Tamar Iveri: image via www.tamariveri.com
Opera Australia has had a nightmare week as it dealt with the revelation that Georgian opera singer Tamar Iveri had compared the gay rights movement to faecal matter and praised a violent mob’s attack on a gay pride march in the Georgian capital, Tiblisi. Having booked the singer well in advance of her July appearance, the company was ultimately forced to cancel her performance.
Iveri is entitled to her unpleasant views, as are the many thousands of Opera Australia supporters and subscribers – and members of the general public – who took to Twitter and Facebook in the days after her views were made known, to voice their concerns about the cancellation of her appearance in the upcoming season of Otello in Sydney.
The exposure of her prejudice outraged many Australians, and Opera Australia was surprisingly slow to respond. Not until major sponsors Qantas and Mazda expressed concerns about the situation on social media – and presumably, behind the scenes – was the company seen to act publically.
The story broke in Limelight magazine on Friday morning but there was no response until a tersely worded media statement more than 24 hours later. It is, of course, entirely likely that Opera Australia staff were already frantically at work trying to resolve the situation but there was no evidence and 24 hours is a lifetime in the Twittersphere.
When that first statement came it was short and inadequate.
‘Opera Australia has become aware in the past 24 hours, of the media and social media coverage of comments reported to have been made by soprano Tamar Iveri. The company has made the singer aware of the response from the Australian media and people via social media. Tamar Iveri has sought to clarify her views on this important issue, and has issued an apology and explanation on her own Facebook page. This can be seen here: https://www.facebook.com/tamariverisoprano. Rehearsals and performances at Opera Australia are continuing as planned.’
In many ways, this poorly-worded statement only inflamed the situation. All that was needed was the addition of a simple motherhood statement publicly stating the company’s repudiation of homophobia and its commitment to diversity and tolerance. By failing to acknowledge the hurt and rage generated by Iveri’s comments, by failing to include such a basic values statement, and by apparently accepting Iveri’s ‘the-dog-ate-my-homework’ excuse about the authorship of the letter in question, Opera Australia only compounded the problem.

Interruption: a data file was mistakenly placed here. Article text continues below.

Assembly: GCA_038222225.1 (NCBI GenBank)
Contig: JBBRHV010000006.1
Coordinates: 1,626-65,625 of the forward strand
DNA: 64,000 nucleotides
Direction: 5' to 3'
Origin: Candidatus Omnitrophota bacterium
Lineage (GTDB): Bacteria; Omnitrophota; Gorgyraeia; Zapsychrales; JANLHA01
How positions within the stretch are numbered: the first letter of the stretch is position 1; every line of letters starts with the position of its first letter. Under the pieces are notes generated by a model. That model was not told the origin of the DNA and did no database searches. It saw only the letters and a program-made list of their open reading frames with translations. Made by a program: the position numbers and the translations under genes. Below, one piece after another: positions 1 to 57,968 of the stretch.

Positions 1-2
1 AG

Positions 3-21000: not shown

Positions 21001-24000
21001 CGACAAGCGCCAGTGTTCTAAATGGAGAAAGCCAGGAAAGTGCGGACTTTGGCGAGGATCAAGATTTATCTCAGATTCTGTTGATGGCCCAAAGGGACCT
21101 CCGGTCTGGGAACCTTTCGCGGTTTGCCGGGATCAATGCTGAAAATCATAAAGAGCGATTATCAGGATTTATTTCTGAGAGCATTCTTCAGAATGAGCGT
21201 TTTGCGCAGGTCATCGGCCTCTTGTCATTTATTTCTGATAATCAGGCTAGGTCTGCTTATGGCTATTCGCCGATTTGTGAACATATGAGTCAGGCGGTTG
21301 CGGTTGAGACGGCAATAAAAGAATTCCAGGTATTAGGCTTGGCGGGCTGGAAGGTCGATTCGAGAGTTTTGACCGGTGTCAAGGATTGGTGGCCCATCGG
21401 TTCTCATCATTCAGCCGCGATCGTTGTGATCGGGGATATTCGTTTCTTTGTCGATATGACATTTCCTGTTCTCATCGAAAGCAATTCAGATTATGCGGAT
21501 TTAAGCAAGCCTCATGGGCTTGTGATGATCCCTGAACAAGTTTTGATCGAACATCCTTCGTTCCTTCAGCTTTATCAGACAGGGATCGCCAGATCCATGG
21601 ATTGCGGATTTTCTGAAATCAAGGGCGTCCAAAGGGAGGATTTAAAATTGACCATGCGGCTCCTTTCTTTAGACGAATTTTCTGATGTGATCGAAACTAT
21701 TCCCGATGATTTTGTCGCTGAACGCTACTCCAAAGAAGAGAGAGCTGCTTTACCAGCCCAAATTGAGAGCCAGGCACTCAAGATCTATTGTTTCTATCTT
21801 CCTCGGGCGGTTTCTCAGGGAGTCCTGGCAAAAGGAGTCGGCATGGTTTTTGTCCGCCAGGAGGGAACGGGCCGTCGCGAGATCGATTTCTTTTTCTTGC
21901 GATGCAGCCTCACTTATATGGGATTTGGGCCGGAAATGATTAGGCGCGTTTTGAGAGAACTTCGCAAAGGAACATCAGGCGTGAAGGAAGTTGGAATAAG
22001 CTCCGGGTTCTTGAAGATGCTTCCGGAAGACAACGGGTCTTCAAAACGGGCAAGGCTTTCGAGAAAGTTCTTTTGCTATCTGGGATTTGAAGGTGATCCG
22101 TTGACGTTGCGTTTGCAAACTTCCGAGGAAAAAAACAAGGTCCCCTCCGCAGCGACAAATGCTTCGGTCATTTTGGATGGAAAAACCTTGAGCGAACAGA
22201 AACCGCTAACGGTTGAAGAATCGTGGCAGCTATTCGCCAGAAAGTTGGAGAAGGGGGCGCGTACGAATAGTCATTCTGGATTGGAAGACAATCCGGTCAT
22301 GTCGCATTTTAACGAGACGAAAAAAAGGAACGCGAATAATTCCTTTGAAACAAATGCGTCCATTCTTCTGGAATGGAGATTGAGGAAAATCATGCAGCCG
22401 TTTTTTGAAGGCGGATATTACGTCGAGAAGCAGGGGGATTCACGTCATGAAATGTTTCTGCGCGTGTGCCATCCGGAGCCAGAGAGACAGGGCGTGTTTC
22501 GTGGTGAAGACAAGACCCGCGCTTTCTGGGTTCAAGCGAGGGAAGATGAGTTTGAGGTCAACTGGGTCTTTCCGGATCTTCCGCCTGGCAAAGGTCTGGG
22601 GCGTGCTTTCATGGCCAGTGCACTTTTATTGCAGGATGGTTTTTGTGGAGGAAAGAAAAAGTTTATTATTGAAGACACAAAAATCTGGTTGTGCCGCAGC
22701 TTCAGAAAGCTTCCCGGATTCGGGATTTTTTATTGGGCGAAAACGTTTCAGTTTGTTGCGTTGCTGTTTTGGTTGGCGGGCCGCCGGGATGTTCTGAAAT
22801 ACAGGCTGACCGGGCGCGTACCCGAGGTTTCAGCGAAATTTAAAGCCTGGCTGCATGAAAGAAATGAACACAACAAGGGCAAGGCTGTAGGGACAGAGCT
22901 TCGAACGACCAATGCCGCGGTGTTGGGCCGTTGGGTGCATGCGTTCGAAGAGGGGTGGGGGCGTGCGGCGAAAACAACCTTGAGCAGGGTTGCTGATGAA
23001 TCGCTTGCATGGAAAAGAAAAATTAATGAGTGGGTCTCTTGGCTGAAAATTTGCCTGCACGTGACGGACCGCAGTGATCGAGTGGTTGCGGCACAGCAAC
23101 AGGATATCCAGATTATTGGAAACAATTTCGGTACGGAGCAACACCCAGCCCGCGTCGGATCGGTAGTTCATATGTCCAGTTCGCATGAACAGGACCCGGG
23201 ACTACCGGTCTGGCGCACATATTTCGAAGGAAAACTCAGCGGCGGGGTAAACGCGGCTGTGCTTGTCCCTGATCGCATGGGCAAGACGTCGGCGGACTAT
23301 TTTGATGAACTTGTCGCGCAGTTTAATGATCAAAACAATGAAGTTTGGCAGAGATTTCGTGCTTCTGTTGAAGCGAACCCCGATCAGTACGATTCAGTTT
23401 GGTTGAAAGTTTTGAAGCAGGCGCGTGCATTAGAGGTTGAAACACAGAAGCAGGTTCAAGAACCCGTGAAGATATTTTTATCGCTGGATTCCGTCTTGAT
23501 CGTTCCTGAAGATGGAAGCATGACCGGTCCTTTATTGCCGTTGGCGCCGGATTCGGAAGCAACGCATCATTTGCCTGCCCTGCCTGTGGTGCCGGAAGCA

By the time a second statement was released on Monday morning, announcing that Opera Australia had ‘reached agreement with Ms Iveri to immediately release her from her contract with the company’, the damage had been done. No doubt Opera Australia can, with time, repair the damage to its brand, but confidence in the company, and loyalty – especially among its gay and lesbian supporters and their friends, both within the company and in the general community – has clearly suffered.
As Australian soprano Emma Matthews recently said: ‘I think the company has been quiet. I hope they can begin to repair the situation and rebuild the faith of the gay community.’
What can other arts organisations learn from this debacle?
To begin with, companies may need to be more rigorous when it comes to appointing performers. Just as employers now routinely examine a potential employee’s social media footprint for signs that the person in question is responsible, reliable, and shares the company’s values, so too might casting agents, directors and other creatives need to look more carefully at an actor or singer’s online profile and reputation, not just their CV and performance accolades.